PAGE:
Interview: Gen Urobuchiby Heidi Kemps,
It's somewhat rare that Western anime fans recognize a writer with the same degree of enthusiasm as artists, voice actors, and directors. However, Gen Urobuchi is one of the handful to have made an indelible mark on the psyche of global fandom, thanks to his work on series like Puella Magi Madoka Magica, Fate/Zero, Psycho-Pass, and the recent Aldnoah.Zero. But his work extends beyond television anime, extending into visual novels, live-action, and an upcoming all-CG film, Expelled from Paradise. We sat down to talk to Urobuchi about his work, past and present, the role of his company Nitro+, and what his future aspirations are.
ANN: I'd like to start off this interview by clarifying what your current position is. You seem to be viewed as a freelancer of sorts, but you still have some ties to the company Nitro+…
Urobuchi: I'm still with them. I'm one of the founding members of Nitro+, actually.
Oh, wow. I think a lot of folks – myself included – aren't fully aware of everything Nitro+ actually does. Some people think it's just a visual novel company.
Nitro+ does a lot more than that. We contract with a lot of companies when planning for stories and such across numerous formats. Nitro+ is actually a subdivision of a larger company called Digiturbo, formed to allow us more freedom to do the sort of works we want to make.
In your work, the universe can be cruel and bad things often happen to good people, but you support their struggle for goodness in such an unfair universe. Do you see yourself much in purehearted characters like Madoka, Akane, and Kouta, or do you put more of yourself in the darker characters of those worlds?
Sometimes when I see someone who's a spirit of justice… I feel like I want to destroy them! (laughs) But really, what I'm trying to do is make something compelling. Good and evil need to be on even ground, so that there is the real possibility that either could be the victor.
In Fate/Zero, many characters have such strong convictions that they cannot understand one another's perspectives, even between master and servant, but as a writer, you have to see all of their perspectives. How do you approach writing such a large cast with so many incomparable mindsets and beliefs and make them all feel strong and true to themselves?
I think that if you really want to make all of the characters in a work different, then you need to need to emphasize these differences between them. I actually find it easier to write characters with differing ideologies, because I prefer to write each character as an individual. It's easier to approach. For example, Saber and Gilgamesh and Iskander are all similar but have radically different approaches, so they can play off each other quite well.
Shogo Makishima from Psycho-Pass seems to believe that he was born out of time and place from where he should be, if there ever was a time and place he belonged to. He does not have a place to belong in the world of Psycho-Pass, so how do you think he would feel about our world's modern-day society instead?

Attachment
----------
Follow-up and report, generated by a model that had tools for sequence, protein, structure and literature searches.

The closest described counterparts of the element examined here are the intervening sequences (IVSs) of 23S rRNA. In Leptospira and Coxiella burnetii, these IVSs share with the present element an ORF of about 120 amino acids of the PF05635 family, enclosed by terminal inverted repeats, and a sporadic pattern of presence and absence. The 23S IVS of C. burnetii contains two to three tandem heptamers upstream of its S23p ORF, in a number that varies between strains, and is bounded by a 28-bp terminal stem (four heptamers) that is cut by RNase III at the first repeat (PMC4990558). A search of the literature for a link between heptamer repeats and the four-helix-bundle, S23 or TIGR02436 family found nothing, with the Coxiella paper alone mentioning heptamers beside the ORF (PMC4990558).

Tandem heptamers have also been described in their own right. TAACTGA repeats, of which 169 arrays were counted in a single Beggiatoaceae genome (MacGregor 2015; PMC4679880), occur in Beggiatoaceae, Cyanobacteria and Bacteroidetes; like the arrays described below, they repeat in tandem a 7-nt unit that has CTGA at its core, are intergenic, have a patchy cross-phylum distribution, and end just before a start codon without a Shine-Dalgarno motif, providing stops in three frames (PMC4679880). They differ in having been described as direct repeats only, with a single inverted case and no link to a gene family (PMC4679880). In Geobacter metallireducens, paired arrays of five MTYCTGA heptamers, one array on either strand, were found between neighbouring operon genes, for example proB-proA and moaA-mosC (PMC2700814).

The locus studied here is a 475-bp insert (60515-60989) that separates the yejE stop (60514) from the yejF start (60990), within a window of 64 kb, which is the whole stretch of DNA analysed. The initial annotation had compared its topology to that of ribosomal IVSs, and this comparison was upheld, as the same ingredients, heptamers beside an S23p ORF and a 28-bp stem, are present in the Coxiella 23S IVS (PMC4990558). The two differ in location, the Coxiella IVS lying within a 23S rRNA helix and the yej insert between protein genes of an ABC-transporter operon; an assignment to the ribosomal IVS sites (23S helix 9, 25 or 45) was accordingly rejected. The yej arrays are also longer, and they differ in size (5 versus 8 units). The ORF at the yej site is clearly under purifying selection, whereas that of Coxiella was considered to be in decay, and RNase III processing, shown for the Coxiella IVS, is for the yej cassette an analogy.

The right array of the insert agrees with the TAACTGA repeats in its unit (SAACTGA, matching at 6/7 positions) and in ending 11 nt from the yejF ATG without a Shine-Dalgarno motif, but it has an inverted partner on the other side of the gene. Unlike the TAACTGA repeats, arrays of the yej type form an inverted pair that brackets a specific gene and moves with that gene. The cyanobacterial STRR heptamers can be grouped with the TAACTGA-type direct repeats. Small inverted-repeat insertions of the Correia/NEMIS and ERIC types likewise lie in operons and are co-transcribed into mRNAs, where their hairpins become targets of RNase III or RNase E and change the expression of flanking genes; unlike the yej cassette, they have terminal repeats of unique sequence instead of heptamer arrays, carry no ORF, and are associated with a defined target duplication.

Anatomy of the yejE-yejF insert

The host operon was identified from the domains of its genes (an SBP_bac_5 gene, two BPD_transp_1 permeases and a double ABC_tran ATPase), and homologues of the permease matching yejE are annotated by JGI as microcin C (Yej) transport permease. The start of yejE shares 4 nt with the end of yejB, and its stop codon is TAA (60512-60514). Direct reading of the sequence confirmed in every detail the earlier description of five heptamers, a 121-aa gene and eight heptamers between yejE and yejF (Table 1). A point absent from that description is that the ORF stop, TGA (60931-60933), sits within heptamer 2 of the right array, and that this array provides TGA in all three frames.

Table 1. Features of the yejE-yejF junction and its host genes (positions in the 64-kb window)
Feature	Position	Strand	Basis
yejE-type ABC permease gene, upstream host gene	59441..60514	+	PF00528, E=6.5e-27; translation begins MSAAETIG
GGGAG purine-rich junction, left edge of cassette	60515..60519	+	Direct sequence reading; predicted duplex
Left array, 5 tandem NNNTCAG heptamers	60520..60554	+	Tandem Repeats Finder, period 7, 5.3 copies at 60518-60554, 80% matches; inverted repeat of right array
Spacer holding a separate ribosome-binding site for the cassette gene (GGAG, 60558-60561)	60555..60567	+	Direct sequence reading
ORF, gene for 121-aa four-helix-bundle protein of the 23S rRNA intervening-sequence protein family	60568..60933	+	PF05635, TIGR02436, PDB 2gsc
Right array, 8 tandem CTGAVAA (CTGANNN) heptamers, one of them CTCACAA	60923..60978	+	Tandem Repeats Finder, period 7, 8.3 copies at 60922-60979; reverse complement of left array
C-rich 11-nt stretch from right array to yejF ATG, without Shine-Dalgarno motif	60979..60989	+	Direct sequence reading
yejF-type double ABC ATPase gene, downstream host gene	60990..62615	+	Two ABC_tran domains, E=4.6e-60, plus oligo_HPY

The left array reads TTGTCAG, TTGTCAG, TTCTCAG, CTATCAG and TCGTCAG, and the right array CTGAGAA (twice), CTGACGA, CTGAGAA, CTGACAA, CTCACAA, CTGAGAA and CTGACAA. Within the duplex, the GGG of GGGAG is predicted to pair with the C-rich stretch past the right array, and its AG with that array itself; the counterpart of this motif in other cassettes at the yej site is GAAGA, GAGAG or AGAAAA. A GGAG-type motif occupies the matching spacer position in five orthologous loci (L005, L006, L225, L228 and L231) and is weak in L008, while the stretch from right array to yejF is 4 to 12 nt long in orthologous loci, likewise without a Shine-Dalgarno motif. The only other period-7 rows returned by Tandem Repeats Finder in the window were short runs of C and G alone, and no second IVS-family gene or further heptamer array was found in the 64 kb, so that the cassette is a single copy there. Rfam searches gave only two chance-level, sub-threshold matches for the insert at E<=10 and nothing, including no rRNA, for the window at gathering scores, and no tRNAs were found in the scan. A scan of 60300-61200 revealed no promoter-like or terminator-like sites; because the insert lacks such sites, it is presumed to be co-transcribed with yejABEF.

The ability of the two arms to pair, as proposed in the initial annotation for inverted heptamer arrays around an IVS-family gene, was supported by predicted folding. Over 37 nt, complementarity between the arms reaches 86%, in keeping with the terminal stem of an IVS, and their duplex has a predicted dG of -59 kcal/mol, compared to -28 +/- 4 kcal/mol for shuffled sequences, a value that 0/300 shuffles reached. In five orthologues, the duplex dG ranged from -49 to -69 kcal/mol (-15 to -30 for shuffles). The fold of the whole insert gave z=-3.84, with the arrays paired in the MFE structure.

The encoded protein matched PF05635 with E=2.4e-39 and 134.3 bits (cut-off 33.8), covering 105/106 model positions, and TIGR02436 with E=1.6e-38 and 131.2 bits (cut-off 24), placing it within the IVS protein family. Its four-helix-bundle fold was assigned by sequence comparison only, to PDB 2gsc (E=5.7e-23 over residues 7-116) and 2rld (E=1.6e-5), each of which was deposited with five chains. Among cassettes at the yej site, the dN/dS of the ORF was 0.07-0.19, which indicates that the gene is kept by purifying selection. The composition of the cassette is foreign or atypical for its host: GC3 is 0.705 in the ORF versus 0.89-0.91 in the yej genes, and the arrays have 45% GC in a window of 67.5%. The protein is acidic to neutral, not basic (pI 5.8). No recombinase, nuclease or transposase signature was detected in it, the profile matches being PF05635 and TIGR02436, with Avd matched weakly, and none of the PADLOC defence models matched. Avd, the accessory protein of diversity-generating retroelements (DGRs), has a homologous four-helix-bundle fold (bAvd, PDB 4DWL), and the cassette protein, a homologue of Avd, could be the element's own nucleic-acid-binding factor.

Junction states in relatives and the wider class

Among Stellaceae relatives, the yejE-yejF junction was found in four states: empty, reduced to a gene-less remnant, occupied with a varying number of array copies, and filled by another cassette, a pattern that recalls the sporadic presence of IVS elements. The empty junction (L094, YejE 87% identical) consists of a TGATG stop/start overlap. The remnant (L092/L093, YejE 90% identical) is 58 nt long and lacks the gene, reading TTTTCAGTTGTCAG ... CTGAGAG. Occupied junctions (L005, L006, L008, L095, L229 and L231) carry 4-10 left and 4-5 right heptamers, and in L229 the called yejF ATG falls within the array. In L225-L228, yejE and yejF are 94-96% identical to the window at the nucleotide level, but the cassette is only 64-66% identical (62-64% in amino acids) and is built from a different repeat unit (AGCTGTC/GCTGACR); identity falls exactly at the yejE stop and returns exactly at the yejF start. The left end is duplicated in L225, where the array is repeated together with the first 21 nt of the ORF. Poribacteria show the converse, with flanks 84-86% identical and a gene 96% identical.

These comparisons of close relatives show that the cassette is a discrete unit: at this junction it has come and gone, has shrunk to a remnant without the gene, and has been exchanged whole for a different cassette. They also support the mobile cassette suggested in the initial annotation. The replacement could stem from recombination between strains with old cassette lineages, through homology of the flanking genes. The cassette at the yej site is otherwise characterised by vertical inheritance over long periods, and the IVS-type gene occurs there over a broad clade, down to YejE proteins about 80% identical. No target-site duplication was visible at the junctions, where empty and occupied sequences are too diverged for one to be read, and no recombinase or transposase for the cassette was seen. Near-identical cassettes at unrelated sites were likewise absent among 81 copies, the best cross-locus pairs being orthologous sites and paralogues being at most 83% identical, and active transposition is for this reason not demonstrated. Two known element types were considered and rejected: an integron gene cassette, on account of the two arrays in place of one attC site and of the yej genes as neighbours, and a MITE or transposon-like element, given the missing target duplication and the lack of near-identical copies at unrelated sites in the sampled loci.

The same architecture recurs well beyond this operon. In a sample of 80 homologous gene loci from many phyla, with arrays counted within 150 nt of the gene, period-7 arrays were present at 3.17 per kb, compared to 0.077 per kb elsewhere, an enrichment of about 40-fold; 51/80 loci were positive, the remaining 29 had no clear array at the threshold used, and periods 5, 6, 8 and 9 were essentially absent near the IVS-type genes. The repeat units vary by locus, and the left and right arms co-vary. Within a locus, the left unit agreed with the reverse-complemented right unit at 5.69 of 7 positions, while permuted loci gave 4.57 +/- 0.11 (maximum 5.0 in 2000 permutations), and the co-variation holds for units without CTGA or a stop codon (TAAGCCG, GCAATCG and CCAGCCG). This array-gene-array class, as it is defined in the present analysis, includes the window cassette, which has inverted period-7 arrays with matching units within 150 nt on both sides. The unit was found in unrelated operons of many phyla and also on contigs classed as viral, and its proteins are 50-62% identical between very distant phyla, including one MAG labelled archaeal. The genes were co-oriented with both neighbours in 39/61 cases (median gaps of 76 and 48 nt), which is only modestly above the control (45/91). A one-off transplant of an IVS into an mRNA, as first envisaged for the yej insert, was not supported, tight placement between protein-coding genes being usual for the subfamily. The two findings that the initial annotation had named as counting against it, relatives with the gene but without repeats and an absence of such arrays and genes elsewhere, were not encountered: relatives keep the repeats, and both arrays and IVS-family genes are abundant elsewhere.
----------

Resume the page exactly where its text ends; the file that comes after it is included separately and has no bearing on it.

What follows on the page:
Our world and that of Psycho-Pass aren't completely alien – there are a lot of shared problems, issues, and concepts. If Shogo were to live in our world? I think he'd be able to find happiness and freedom. But one of the most important themes I was trying to convey in the creation of Psycho-Pass was “fear” in the world. That's why he has this sense of feeling out of place.
You mentioned that one of the central themes of Psycho-Pass is fear – that's interesting, given recent events. A certain episode's re-airing was cancelled in the wake of a grisly murder. Things like that seem to be a common reaction to shocking events in Japan.
I honestly don't feel too concerned about it, and I don't feel like I should avoid writing or showing this stuff out of fear of copycats. There is always the possibility that these sorts of tragedies will happen – that's just the world we live in.
In Kamen Rider Gaim, different characters are tempted by different kinds of power, whether that's physical strength, influence over people, or the power of knowledge and secrets. What kind of strength or power would be your own personal "forbidden fruit?"
Oh my, that's a really difficult question! Well, the thing is, when I'm working, I'm always working with other people, right? And there are always going to be those outside influences that make you doubt your ideas and capabilities. I think the strength I'd want would be a kind of internal strength – the power to trust in my own convictions.
You've worked on several visual novels that contain explicit sexual content. A common opinion in the Japanese PC game market is that a game needs sex scenes to sell. Do you find that the ability to include sexual content in these stories gives you more creative freedom, or do you feel pressured to add superfluous erotica to help a game sell?
My first and foremost thought when creating something is “I want to make something that's interesting.” That's what makes me feel happy and creatively satisfied. If sexual elements help in making something interesting, then they're not pointless.
I've played a lot of Nitro+ visual novels; Saya no Uta is probably one of my favorites because it's just so outright weird. What especially struck me is that though the game features sex scenes, they come off as being horrifying rather than titillating.
Oh, thanks for the compliment! *laughs* That was part of the intent, since horror can definitely be a component of a sexual experience.
You have worked with a ton of fantasy and sci fi genres by now, but what new ideas or genres would you like to write for that you haven't tried yet?
I'd really like to do something in the steampunk genre. I'm also really interested in making an open world video game. Something like Skyrim!
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